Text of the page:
As I stepped off the school bus that transported the media to the event, I couldn't help but notice the giant wooden "U-N-I-T-Y" prop that had been suspended on the side of the stage, not to mention the new "United for Change" signs that were being distributed. It was clear that the Obama campaign wanted to turn this rally into something truly spectacular. From my point of view that did not happen.

It strikes me now that it was not the Obama campaign's fault that yesterday's rally was not one of the more memorable campaign events I've been to. Beyond the logistical difficulties inherent in organizing a campaign event --delays in bussing thousands of people into and out of a tiny rural town, long waits, and occasionally inadequate facilities--all of which occurred here, first, in the hot sun, and then, in a fierce thunderstorm. The hardest part—the part that the Obama campaign had difficulty achieving—was how to market the idea of "unity" in ways to create a compelling front page story and make a big splash.

New Hampshire Congresswoman Carol Shea-Porter said it best yesterday: "Did anyone ever doubt this moment would happen?"

Whether or not anyone will remember what was said in Unity, NH, the moment has occurred.

(Photo credit: Luke N. Vargas. 2008. All Rights Reserved)

Worth an Hour

I'm a pretty faithful listener of Ira Glass' This American Life on NPR, but I was floored by this week's show more than most. What was to be a quick trip in the car to pick up a soda turned into an hour in the parking lot listening from beginning to end.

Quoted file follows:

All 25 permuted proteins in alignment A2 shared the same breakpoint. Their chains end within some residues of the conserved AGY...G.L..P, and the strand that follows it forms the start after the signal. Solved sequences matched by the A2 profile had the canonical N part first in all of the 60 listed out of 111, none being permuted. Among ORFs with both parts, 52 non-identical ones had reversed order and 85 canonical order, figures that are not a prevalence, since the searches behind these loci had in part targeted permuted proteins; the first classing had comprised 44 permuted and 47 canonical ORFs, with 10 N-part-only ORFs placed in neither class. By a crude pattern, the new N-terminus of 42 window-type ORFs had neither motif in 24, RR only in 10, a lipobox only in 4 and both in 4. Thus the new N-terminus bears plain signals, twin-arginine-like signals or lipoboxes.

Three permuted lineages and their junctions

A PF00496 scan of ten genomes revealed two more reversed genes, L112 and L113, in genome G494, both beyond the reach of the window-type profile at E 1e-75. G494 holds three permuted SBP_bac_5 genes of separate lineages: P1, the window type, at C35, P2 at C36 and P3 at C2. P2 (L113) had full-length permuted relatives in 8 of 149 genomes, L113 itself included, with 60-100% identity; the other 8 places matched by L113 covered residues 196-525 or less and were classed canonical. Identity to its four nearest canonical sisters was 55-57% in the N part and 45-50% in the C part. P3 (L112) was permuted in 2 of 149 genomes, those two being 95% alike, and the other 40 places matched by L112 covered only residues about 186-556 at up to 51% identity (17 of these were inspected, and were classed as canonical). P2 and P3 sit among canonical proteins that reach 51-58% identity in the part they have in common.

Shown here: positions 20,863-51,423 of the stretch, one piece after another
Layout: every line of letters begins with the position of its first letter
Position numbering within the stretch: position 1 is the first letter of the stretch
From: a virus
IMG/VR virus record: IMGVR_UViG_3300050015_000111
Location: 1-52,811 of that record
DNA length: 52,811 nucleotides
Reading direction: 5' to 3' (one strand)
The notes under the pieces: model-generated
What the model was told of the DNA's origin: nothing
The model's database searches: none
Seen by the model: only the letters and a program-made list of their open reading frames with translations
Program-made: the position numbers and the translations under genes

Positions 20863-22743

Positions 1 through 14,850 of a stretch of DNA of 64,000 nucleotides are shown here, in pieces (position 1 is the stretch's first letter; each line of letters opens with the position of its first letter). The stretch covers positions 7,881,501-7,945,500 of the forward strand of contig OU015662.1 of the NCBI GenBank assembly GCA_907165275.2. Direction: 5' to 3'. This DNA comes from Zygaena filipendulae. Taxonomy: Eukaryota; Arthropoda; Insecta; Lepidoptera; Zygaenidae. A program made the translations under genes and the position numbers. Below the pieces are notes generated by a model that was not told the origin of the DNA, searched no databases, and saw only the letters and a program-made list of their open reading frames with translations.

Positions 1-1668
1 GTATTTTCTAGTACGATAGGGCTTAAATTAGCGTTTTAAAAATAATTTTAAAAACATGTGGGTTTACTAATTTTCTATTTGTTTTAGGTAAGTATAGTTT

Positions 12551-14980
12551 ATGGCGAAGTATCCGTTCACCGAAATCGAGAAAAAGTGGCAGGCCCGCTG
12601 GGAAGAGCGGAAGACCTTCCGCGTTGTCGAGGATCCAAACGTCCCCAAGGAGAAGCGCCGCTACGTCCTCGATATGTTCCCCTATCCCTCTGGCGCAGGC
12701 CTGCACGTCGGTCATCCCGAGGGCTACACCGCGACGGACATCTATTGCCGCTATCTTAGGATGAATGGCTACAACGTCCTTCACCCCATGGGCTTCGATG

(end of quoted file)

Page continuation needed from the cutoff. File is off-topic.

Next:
Not to unnecessarily politicize today's show, but with the Supreme Court's ruling this week defining the words of a document centuries old, I've been thinking a lot about how people deal with issues larger than themselves or how others fail, though sometimes succeed, at making decisions on our behalf.

Episode 358: Social Engineering articulates through storytelling what's been on my mind.

If you're not in the mood for such a dramatic listening experience, check out my all-time favorite This American Life episode, "First Day," from way back in 2002.


[Watch Part II]

[Watch Part III]

Friday, June 27, 2008

One Shot

Computer isn't working well enough to get the rest up tonight.

Too many hours in the heat with no sunscreen's given me a headache and drained my energy for the night.

I will try to crank out Michelle Obama and Unity, NH summaries by tomorrow evening.

(Photo credit: Luke N. Vargas. 2008. All Rights Reserved)

Barely Made It

Word is that it took more than two and a half hours to get more than 4,000 supporters out of the event site today in Unity, NH. I was lucky enough to be on the first bus out, but the scene was very disorderly and a ferocious rainstorm didn't make matters any better.

I'll have some photos online later tonight.

Time for School

I'm on a good old yellow school bus heading from Claremont to Unity, NH.

What I forgot to bring: sunscreen.


Racing West on I-89

Powered by My Morning Jacket's "One Big Holiday."

Not Enough for Me

So North Korea is tearing down a prominent part of one of its nuclear plants and is forking over a lot of old nuclear program documents to the international community.

Not surprisingly, President Bush, eager to look like he can understand and react to complex international events, decided that this was a good time to lift economic sanctions on North Korea. But not just sanctions, Bush decided it was worth removing North Korea from the list of states sponsoring terrorism. That's the move I just don't get.